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Claremont poetry reading series to include CSUSB professorThe Sun/Inland Valley Daily BulletinMay 19, 209 Chad Sweeney, CSUSB associate professor of English, will be one of the featured poets at a reading in Claremont in July. He will read at the Helen Renwick Library, which hosts the Friends of the Claremont Library Fourth Sundays reading series on the fourth Sunday of each month. Sweeney, who will appear at the reading on July 28, won the 2019 Night Boat Prize for “Little Million Doors,” a heartfelt elegy for his father, Everett John Sweeney. “Little Million Doors” conveys the profundity of loss through strikingly sparse pages. Read the complete article at “Southern California poets find eager audiences at Claremont readings.”
Documentary co-produced by CSUSB professor brings both sides of Israeli-Palestinian conflict to streetCanada.comMay 18, 2019 Groups on opposing sides of the Israeli-Palestinian conflict took to Winnipeg streets as dueling demonstrations took place over the screening of a documentary, co-produced by a CSUSB professor, on Saturday afternoon. After rallying at Winnipeg City Hall, a group of about two dozen pro-Israel supporters under the banner of Stand Up for Israel marched to the Winnipeg Cinematheque where the documentary “1948: Creation and Catastrophe“ was being shown. The documentary – on the founding of the state of Israel and its impact on Palestinian people who were displaced – was hosted by Independent Jewish Voices and sponsored by a number of Winnipeg social justice groups. The viewing is intended to mark Nakba Day or “Day of the Catastrophe”, a day of commemoration for Palestinians of the displacement that preceded and followed the Israeli Declaration of Independence in 1948. Read the complete article at “Dueling demonstrations: Doc brings both sides of Israeli-Palestinian conflict to streets.”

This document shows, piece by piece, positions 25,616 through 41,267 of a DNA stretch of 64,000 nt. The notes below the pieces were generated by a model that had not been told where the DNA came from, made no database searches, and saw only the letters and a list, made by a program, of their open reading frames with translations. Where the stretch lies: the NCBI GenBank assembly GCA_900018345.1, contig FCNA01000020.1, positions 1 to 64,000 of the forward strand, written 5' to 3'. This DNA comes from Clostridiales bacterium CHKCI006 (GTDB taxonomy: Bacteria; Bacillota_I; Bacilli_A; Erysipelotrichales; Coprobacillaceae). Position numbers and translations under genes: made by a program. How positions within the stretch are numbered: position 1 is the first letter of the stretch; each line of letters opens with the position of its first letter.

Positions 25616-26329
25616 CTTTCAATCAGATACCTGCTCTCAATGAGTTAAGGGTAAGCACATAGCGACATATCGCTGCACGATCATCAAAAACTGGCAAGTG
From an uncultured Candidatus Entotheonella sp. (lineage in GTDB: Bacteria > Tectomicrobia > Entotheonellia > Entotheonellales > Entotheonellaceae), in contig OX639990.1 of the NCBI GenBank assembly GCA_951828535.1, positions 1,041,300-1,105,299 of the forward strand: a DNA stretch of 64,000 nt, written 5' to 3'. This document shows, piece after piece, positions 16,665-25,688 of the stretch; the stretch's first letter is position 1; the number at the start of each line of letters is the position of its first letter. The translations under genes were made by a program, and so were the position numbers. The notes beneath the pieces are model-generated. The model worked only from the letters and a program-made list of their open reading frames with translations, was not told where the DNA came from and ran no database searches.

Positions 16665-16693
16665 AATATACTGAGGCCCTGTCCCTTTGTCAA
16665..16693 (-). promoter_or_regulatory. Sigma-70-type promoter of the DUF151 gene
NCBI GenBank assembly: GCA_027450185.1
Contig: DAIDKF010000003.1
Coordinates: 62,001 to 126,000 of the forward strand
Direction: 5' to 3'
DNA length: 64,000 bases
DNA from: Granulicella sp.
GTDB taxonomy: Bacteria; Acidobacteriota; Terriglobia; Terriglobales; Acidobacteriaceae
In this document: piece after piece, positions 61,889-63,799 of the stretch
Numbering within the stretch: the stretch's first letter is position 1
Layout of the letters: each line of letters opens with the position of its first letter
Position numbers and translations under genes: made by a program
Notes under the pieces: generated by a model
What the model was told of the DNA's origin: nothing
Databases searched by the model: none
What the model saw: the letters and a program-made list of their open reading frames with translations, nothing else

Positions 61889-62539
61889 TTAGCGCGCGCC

Writer cites documentary co-produced by CSUSB professor for opinion column on Al-Nakbah – The CatastropheFosters Daily Democrat (Dover, N.H.)May 19, 2019 The documentary, “1948: Creation & Catastrophe,” co-produced by Ahlam Muhtaseb, a CSUSB professor of communication studies, was mentioned in a column about Al-Nakbah – The Catastrophe – an event annually commemorated by Palestinians on May 15. “It marks the time when, primarily between December 1947 to January 1949, more than 750,000 Palestinians were displaced from their homes and where between 400 to 600 Palestinian villages were occupied and either destroyed or depopulated by Israeli forces,” wrote Robert Azzi, a photographer and writer, in an opinion piece. “That this catastrophe occurred is an incontrovertible fact, affirmed by Israeli historians like Benny Morris, Tom Segev and Ilan Pappe, and was recently documented in the movie ‘1948: Creation & Catastrophe’ (www.1948movie.com) through the words of those, Israeli and Palestinian, who lived through it.” Read the complete article at “Al-Nakbah: Humbled by truth, here and everywhere.”
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